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renounce
used in The Count of Monte Cristo

8 uses
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Definition
to formally reject, give up, or turn away from

(as in to give up the power of a monarch, to change belief, behavior, support, or association)
  • Your logic is most powerful, Valentine, but say what you will, I can never renounce the sentiment which has instinctively taken possession of my mind.
    Chapters 57-58 (29% in)
  • "I once thought," continued Faria, "of removing these iron bars, and letting myself down from the window, which, as you see, is somewhat wider than yours, although I should have enlarged it still more preparatory to my flight; however, I discovered that I should merely have dropped into a sort of inner court, and I therefore renounced the project altogether as too full of risk and danger.
    Chapters 17-18 (11% in)
  • "Madame," said Villefort, "believe me, a fortune of 900,000. francs is not so easily renounced."
    Chapters 59-60 (58% in)
  • She could, nevertheless, make up her mind to renounce the world, sir, since it is only about a year ago that she herself proposed entering a convent.
    Chapters 59-60 (59% in)
  • "However," said Madame de Villefort, returning to the one idea which incessantly occupied her mind, "perhaps it would be better to explain this unlucky affair to M. d'Epinay, in order to give him the opportunity of himself renouncing his claim to the hand of Mademoiselle de Villefort."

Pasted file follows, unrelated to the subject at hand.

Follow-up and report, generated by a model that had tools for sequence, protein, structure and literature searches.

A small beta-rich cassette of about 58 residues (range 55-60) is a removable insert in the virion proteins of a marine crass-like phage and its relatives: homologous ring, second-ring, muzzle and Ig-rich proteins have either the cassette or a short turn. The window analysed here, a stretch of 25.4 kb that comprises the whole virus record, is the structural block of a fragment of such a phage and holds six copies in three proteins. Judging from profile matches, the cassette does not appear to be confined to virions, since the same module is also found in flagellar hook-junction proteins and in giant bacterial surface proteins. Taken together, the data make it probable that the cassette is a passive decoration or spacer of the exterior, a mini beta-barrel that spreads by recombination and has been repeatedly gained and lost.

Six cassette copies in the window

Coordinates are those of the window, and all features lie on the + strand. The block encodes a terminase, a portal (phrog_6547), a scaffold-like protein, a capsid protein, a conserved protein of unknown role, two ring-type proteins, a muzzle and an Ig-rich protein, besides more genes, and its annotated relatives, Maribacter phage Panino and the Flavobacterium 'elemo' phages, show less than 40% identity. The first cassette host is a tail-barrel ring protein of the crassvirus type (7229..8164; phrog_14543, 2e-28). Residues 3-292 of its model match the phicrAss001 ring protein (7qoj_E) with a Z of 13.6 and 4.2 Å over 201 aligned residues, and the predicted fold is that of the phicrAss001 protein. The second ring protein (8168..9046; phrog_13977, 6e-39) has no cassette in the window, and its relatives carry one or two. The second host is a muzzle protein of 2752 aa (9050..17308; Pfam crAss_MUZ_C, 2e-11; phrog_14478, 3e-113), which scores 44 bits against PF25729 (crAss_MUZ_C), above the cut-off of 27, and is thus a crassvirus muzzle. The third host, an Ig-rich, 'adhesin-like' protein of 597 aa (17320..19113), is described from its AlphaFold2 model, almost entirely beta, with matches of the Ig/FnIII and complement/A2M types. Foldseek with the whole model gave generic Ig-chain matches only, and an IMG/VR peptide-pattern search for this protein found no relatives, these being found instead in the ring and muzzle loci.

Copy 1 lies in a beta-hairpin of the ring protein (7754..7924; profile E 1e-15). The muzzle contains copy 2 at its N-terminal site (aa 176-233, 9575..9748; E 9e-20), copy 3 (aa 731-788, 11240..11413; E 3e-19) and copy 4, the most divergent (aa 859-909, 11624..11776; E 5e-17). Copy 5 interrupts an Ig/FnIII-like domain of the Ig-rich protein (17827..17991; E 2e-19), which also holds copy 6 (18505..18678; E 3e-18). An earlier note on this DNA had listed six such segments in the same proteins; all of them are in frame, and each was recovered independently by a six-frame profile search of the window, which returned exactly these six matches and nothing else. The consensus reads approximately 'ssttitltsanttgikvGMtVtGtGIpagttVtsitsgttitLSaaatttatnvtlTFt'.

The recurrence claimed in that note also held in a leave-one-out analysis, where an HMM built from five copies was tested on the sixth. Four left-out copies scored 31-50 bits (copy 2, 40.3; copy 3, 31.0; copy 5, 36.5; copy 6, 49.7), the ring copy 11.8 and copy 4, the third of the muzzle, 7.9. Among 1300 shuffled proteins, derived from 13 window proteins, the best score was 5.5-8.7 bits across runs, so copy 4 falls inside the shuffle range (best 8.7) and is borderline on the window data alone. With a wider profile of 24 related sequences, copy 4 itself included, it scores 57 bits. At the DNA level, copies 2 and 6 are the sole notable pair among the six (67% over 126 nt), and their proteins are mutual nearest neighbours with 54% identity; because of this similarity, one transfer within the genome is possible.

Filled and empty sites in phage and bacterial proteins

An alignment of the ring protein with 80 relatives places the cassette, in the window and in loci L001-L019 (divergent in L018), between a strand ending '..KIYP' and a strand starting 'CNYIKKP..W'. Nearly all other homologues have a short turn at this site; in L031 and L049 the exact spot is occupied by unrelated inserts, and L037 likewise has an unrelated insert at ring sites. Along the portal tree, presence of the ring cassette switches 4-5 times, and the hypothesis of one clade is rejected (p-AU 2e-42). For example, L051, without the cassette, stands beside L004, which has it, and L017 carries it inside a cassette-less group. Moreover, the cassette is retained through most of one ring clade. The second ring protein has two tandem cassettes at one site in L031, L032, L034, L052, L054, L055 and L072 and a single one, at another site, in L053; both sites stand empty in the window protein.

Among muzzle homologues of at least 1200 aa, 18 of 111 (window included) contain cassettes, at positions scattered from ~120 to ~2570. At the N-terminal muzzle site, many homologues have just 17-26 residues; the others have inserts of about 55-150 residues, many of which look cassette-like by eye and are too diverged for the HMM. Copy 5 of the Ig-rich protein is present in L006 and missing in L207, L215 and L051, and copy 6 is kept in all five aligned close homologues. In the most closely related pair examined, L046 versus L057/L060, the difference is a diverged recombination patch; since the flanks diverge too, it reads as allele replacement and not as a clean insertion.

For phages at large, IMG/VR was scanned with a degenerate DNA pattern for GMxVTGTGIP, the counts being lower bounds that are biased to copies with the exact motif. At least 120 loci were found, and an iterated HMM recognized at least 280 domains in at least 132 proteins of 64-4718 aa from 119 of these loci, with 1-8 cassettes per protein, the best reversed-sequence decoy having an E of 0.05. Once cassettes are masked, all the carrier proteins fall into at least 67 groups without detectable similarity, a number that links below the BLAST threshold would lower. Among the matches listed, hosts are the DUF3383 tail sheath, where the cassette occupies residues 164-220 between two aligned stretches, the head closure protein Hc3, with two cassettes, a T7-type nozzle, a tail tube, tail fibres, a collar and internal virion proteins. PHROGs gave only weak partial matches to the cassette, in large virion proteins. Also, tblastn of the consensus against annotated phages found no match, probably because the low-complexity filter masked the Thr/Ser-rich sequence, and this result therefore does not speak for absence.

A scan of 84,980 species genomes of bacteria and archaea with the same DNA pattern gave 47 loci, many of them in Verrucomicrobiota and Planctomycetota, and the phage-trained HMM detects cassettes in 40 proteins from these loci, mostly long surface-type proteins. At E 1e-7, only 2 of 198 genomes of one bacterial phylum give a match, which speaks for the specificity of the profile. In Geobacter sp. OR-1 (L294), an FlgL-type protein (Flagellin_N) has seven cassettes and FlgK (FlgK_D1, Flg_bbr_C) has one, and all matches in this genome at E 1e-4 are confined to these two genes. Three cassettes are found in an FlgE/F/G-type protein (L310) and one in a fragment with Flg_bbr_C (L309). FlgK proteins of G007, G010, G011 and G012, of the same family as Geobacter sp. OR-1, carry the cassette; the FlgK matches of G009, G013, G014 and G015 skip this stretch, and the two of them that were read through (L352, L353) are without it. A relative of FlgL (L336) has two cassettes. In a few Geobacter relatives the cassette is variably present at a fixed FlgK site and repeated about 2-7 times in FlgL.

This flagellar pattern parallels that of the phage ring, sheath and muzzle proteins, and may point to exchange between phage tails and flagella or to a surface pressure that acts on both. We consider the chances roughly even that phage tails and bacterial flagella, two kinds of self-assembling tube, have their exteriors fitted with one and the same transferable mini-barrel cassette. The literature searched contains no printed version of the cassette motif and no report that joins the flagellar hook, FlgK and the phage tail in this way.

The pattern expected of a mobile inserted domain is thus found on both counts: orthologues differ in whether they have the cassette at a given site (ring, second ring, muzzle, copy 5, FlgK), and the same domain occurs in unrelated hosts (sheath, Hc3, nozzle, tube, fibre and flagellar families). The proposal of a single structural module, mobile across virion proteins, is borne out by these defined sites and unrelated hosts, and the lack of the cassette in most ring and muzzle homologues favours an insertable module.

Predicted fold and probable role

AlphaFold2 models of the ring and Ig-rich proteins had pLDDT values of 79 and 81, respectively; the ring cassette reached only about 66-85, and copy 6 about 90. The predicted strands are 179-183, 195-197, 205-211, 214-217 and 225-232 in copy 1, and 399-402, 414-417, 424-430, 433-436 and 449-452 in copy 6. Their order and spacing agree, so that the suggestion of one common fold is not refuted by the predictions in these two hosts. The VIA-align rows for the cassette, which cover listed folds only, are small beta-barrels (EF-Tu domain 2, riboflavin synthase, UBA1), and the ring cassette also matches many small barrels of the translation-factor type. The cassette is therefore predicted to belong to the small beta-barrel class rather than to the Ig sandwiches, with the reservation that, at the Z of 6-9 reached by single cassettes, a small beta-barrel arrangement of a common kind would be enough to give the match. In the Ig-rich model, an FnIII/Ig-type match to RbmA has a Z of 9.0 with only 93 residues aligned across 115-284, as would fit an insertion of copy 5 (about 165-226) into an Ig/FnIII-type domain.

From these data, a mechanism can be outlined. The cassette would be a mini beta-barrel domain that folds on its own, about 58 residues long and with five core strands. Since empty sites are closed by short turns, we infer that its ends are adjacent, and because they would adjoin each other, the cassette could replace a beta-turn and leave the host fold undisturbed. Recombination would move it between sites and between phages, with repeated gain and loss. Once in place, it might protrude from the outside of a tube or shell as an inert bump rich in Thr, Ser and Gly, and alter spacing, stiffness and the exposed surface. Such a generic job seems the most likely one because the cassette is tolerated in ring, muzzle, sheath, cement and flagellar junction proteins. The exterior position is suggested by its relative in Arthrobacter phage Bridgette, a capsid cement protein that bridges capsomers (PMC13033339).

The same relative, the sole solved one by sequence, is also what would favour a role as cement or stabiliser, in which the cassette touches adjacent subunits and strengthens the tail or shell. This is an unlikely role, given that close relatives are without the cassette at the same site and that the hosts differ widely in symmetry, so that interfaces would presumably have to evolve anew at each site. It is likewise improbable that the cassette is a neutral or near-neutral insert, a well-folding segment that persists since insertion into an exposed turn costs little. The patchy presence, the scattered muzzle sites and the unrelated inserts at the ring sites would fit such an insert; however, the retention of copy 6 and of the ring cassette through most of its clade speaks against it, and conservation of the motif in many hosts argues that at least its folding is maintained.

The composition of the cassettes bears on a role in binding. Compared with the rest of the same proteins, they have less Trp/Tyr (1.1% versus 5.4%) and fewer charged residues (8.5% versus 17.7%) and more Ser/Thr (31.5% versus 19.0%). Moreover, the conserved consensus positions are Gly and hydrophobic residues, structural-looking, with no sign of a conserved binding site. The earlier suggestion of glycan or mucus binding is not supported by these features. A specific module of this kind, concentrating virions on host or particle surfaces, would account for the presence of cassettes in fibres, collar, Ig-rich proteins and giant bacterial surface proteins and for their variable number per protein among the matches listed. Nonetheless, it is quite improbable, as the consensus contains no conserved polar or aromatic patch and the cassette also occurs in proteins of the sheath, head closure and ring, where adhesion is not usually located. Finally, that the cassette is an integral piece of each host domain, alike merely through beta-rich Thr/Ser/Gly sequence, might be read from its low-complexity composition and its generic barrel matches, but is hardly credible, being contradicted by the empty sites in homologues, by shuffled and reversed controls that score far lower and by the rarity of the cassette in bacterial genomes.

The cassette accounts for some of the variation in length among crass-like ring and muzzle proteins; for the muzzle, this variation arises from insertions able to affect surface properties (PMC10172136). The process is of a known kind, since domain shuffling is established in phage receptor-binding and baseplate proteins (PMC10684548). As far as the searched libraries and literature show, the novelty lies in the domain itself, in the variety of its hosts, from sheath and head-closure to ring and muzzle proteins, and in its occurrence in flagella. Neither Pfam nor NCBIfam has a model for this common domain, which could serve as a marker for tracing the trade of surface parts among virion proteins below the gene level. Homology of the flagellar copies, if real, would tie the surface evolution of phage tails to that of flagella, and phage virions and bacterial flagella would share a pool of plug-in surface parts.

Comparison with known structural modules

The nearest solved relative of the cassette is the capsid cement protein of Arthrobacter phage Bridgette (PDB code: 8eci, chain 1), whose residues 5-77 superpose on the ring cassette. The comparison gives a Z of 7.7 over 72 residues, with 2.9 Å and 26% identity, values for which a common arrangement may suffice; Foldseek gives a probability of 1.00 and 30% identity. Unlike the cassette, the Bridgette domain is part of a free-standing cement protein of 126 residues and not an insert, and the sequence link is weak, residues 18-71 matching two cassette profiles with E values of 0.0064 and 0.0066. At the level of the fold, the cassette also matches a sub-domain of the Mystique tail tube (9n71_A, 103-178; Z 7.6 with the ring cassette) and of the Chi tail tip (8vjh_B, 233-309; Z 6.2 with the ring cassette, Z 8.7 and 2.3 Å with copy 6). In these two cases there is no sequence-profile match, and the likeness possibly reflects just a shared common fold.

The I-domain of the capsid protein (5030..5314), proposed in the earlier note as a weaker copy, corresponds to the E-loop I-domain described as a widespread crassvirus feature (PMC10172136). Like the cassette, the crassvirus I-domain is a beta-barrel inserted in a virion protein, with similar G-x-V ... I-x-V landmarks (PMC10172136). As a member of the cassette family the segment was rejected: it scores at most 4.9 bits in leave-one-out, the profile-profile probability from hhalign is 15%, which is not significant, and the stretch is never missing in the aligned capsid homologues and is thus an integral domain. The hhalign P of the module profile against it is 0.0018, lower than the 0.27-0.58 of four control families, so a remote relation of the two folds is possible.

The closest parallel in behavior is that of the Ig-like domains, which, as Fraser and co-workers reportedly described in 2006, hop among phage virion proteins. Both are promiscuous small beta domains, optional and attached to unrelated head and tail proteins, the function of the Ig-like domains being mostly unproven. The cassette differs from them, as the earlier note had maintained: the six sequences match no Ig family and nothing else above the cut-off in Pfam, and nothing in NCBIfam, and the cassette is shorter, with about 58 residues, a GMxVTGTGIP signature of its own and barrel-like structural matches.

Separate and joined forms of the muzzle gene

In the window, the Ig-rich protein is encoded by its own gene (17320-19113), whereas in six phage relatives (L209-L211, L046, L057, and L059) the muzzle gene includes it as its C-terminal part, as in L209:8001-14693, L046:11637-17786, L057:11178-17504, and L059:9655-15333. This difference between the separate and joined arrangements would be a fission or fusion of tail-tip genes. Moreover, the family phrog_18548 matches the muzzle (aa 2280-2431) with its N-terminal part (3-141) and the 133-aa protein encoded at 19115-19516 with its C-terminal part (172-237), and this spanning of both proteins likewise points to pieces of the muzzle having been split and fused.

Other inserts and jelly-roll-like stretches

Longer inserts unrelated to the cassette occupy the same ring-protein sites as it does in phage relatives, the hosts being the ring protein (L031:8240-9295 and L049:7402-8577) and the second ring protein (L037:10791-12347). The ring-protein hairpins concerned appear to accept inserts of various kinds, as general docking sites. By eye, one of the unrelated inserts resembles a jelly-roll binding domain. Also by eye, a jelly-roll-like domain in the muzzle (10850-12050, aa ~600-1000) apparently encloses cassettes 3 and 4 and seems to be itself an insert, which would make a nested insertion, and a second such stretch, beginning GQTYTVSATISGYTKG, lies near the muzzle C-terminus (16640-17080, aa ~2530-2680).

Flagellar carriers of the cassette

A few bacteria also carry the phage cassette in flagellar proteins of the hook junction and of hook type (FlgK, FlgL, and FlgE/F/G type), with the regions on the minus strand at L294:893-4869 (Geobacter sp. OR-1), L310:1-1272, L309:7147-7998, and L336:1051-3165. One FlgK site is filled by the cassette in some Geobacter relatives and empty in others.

Chapters 59-60 (77% in)
  • I will tell him the ties which bind me to Mademoiselle Valentine; if he be a sensible man, he will prove it by renouncing of his own accord the hand of his betrothed, and will secure my friendship, and love until death; if he refuse, either through interest or ridiculous pride, after I have proved to him that he would be forcing my wife from me, that Valentine loves me, and will have no other, I will fight with him, give him every advantage, and I shall kill him, or he will kill me; if...
    Chapters 73-74 (67% in)
  • "Listen," said Monte Cristo; "I have had little to do with it, for I am at variance both with the father-in-law and the young man; there is only Mademoiselle Eugenie, who appears but little charmed with the thoughts of matrimony, and who, seeing how little I was disposed to persuade her to renounce her dear liberty, retains any affection for me."
    Chapters 85-86 (5% in)
  • —Very little without you, mother; for believe me, but for you I should have ceased to live on the day I doubted my father and renounced his name.
    Chapters 105-106 (91% in)

There are no more uses of "renounce" in The Count of Monte Cristo.

Typical Usage  (best examples)
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